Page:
What about the differences now? How has technology made such devastating images even more ubiquitous?
What I was interested in “The Trayvon Generation” is how our young people are watching this violation over and over again on their phones. So, at 17, Darnella Frazier can change the world. She was standing at close range not only to a murder in progress, but to four policemen. I can’t imagine that proximity, and she keeps filming. A question and a concern that we must ask is, “Who has this child?”
I say that rhetorically, because this is not about someone having a family. This is about a larger community saying we have to put our arms around this child who did something unbelievably brave, who put herself at risk to do something that would result, we hope, in justice, but that also could not save that man’s life. And it is so extraordinary how she went back to the scene the next day and had the language to say, “It is so traumatizing.” She didn’t say, “I’m so traumatized,” because it was what she went through. But also she is a proxy for our young people.
Is there a difference between being a spectator of these deaths versus being a witness?
That just gets to the question of who’s watching, and how does it affect them. Going back to Frederick Douglass, when he talks about witnessing his Aunt Hester being beaten, he has a completely empathetic experience with that because he knows that it could have been him, but also that he can’t help her and stop the slave master who is beating her. And I think in some horrible way, we have become used to seeing the violation of black people.
With George Floyd’s murder, it was played on television 5,000 times. So back to the question of who’s watching, what happens when black people watch? To inform is one thing, to bear witness is another thing. But to just roll the video without a moment that says a life was taken here, a person was dehumanized here in the way that black people have been dehumanized throughout our history? Seeing is important, and helps you understand. But I think the repetition of that image without thought to who’s watching it and how it affects them is something that we could work on a little bit.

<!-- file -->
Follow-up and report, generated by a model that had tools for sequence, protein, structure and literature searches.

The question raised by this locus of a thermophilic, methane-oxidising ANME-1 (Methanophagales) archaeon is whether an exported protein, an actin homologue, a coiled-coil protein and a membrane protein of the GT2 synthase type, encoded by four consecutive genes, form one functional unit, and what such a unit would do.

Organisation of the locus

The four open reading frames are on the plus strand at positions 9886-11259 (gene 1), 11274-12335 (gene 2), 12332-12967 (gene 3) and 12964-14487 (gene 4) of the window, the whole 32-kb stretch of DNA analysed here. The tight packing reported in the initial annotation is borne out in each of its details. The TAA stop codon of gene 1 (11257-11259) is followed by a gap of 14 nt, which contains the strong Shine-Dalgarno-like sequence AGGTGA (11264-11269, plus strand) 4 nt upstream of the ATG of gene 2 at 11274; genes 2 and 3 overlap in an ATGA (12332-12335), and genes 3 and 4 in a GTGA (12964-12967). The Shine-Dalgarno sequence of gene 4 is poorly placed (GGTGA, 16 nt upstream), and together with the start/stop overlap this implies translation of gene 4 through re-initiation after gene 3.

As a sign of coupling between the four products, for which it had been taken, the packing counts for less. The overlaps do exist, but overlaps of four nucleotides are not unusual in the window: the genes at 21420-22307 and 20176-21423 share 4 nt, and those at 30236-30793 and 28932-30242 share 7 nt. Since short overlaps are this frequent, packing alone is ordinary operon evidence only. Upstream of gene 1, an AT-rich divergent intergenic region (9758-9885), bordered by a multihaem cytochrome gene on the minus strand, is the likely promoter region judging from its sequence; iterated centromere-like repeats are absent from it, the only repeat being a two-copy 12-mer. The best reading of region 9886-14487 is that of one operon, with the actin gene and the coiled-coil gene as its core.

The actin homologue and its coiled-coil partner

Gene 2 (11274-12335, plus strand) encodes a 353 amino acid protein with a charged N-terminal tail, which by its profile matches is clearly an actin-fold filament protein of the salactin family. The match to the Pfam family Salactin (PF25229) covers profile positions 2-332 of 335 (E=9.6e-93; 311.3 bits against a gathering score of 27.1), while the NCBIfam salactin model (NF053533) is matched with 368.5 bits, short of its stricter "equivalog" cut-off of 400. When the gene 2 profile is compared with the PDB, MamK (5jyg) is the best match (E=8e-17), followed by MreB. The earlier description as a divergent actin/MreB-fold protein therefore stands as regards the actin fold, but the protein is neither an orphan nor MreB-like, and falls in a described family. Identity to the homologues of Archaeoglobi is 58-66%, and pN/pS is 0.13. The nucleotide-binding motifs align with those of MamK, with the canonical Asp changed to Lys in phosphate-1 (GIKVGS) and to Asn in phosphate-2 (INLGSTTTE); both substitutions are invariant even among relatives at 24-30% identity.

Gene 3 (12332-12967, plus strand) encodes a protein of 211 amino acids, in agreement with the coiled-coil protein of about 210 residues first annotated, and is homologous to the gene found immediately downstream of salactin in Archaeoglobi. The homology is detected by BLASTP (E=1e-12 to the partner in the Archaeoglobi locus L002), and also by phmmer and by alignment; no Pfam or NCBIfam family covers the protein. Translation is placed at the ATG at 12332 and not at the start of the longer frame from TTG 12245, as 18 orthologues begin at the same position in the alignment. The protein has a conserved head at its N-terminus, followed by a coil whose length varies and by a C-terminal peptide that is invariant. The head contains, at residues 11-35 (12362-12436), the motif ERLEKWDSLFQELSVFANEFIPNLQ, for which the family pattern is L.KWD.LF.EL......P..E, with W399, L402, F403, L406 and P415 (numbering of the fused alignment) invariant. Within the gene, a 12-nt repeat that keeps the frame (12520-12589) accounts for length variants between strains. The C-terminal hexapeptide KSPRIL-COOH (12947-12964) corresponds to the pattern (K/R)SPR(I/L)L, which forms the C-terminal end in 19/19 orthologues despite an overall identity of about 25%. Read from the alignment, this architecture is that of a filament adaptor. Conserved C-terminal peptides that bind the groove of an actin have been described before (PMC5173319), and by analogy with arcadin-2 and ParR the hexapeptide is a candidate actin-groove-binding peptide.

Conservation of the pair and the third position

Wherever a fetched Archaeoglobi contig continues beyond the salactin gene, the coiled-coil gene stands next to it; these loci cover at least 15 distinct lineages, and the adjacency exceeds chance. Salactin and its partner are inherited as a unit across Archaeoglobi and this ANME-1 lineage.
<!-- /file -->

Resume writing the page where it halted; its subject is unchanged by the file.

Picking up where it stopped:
Some of these protests are now majority white. Is there a new moment of racial identification that didn’t happen with Rodney King?
I think all roads lead to the effects of black studies. We have 50 years of black studies, ethnic studies, L.G.B.T. studies, women’s studies, and integration in higher education in larger numbers. And we’ve done the hard work of taking people through black history via the culture. So I know that [academics] have sent a lot of white students into the world with a very powerful consciousness. And then if you also think about a generation growing up only seeing the Obama presidency, and by that, I also mean the pictures, and visual symbolism of that man as a leader and that family and those daughters as American daughters for eight years as normative and as beautiful.
In both essays, why do you focus on black artists and how they mourn black death and memorialize black life?
Because artists can show you anything. Artists can imagine anything. Artists can dream another world. Artists can write a different ending. In Pat Ward Williams’s  collage “Accused/Blowtorch/Padlock” that I wrote about, she asked, “Can you be black and look at this?” She took a Life magazine photograph of a person who has been lynched and tied to a tree. And she wrote on it, “Who was the photographer? Who took this picture? Did you try to stop it?” In her art, she asked, not just how did this happen, but what did it mean for a white person to watch it, and record it, and not try to be helpful?
Alongside #BlackLivesMatter, we also have #AllBlackLivesMatter? How does that open up our understanding of what it means to be black and vulnerable today?
It is intense to still, now, decades later, be saying that the vulnerability and possibility of violence is one of the things that connects us. And though it’s not just the boys, it’s not just the men, but I think that we can’t jump off that and say that there’s not a particular narrative, and a particular vulnerability, and a particular history of stories, and a specific danger that is gendered. But I have found the conversations that we are having with each other, the march at the Brooklyn Museum [the “Brooklyn Liberation” march also known as an “Action for Trans Black Lives”], of 15,000 people, masked and social distancing, is very important, and very powerful.
It’s like that Gwendolyn Brooks’s poem “I Am Black/Kojo” in her book “Children Coming Home” where she says, “Black is an open umbrella. I am Black, and a Black forever.”